(This post is contributed by Eve, a Kenyan Blockchain Lawyer. Email: email@example.com)
When talking about reserves, what comes to mind to most is heavily-guarded vaults that hold a country’s valuable assets for use in case of a crisis. This holds part of the truth as most countries require their central banks to hold some reserve assets to provide credibility for the value of the fiat currency.
These valuable assets include:
Reserve position in the IMF
Special drawing rights
Other foreign currency assets
Foreign currency drains
The above assets are used to permit the country to carry out international transactions even in a crisis. Not only do countries hold assets of precious metals and goods, but there are also other currencies stored digitally in central banks as forms of reserve assets.
That said, the current digital transformation is bringing other forms of assets into the reserve mix, including cryptocurrencies.
On June 9, 2021, El Salvador became the first country to recognize Bitcoin as legal tender.
The President, Nayib Bukele, proposed to recognize the world’s famous cryptocurrency as a legal tender and a huge majority of the congress validated. This means that the digital asset can act as a world currency and can be held as a reserve asset.
Unlike other currencies held by the central banks in their reserves, the supply of virtual currencies is unregulated by any authority but works on the foundation of blockchain technology.
Globally, several businesses are accepting Bitcoin as a final means of payment. However, no other country has given virtual currencies the status of being legal tenders, where only trading is allowed. Some of the reasons for hesitation include high volatility and the unpredictable nature of virtual currencies.
Nonetheless, other countries like Panama, Guatemala, and Paraguay are considering the move.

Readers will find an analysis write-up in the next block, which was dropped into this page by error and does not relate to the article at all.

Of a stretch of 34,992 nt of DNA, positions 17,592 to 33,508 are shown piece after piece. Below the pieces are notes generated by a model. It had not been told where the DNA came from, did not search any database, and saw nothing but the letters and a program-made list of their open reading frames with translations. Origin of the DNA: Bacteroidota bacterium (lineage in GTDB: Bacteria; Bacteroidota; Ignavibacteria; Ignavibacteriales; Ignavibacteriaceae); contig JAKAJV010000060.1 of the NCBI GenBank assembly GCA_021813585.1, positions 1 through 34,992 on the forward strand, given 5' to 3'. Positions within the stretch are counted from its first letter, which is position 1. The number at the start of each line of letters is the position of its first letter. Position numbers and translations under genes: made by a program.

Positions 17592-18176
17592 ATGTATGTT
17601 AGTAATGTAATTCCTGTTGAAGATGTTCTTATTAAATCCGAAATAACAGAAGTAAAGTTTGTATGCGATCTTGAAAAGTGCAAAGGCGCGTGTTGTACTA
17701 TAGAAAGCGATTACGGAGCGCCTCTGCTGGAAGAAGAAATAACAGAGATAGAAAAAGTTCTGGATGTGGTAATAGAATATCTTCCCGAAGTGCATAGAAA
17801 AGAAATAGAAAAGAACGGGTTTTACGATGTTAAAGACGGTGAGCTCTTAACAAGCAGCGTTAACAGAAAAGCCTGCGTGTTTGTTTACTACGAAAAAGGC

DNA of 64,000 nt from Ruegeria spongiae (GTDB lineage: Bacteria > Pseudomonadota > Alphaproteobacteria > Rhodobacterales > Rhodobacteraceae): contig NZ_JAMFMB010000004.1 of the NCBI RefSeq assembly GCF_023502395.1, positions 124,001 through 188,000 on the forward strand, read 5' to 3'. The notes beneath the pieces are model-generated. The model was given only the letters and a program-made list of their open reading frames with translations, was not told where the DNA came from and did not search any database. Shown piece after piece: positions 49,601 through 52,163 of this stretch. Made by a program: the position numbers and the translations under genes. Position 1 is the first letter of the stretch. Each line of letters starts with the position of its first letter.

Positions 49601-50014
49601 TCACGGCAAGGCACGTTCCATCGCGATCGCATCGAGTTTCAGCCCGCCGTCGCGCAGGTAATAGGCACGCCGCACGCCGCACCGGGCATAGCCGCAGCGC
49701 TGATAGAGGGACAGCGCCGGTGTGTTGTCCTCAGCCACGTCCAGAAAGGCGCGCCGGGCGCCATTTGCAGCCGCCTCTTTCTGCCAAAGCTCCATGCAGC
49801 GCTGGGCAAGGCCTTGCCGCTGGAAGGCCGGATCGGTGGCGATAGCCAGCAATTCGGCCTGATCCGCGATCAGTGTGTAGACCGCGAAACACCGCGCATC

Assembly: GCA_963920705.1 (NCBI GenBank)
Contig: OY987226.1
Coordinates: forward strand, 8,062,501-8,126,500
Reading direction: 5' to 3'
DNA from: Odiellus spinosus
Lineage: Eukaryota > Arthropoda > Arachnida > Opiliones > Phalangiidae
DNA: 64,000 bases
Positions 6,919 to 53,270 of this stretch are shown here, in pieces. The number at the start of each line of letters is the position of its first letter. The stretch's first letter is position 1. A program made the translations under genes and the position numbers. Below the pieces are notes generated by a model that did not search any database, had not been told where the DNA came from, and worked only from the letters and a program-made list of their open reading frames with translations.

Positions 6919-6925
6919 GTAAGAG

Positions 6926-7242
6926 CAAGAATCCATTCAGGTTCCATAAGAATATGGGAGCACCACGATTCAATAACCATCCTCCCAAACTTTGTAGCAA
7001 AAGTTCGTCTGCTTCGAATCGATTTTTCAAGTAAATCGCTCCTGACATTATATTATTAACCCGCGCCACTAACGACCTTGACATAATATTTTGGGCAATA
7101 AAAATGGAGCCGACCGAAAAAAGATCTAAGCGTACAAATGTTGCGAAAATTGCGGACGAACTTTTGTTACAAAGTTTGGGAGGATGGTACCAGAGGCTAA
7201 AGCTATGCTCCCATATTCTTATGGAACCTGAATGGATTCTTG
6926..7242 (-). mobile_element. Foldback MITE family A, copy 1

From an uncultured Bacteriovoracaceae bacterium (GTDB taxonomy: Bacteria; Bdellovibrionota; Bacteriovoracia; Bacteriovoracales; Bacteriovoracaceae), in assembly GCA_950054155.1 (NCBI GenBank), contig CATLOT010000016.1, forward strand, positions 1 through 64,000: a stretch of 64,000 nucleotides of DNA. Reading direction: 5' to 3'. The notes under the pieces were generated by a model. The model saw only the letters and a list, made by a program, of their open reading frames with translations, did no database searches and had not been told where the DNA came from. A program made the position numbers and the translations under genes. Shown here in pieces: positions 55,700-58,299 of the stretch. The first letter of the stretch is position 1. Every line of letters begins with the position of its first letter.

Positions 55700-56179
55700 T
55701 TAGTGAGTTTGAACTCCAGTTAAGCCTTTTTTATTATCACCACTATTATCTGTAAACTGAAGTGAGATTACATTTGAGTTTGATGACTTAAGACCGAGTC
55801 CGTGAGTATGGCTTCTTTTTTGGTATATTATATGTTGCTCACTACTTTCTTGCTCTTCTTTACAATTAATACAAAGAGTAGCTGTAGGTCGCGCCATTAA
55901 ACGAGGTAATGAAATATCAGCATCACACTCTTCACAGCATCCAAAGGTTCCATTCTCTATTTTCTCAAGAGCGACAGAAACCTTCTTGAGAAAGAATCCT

Reserve assets play various roles in a country’s economy. For instance, they are used to:
Finance an imbalance of payments
Intervention in exchange markets that affect the currency exchange rate
Basis for foreign borrowing
Maintain confidence in the currency
Analogous to bitcoin, reserve assets:
Help control inflation
Used to make international transactions
Bitcoin isn’t tied to particular currencies and reflects global demand rather than a country’s rising prices, thus beating inflation. Bitcoin, like gold, has become an alternative investment used to make international transactions and can be used to hedge against recessions.
While experts have repeatedly outlined the benefits of virtual currencies for individuals and private businesses, the case for potential benefits accruing from their use as reserve assets remains unexplored. With the inevitable widespread use of cryptocurrencies, some of the benefits include:
Ease of use on mobile phones
Low cost of production and transmission through blockchain technology
Low long-term inflation risks
Bitcoin, for instance, is becoming:
An excellent medium of exchange
Store of value with appropriate precautions, and
Has the potential to become universally acceptable by any organization and government
Much remains to be done, and cryptocurrency remains under investigation and is still in the early years of adoption. As a result, there are various risks surrounding cryptos that have to be contained for them to be taken as part of the reserve assets.
At the very least, it is likely experts are engaging with various governments to evaluate the risks and benefits of adoption. With many people invested in cryptocurrencies in today’s society, digital currencies may have the potential of becoming the key currencies for settling transactions.
Therefore, with the given benefits and with certain mitigated risks, holding bitcoins as a portfolio of reserves may be a step into entering the new era of digital money.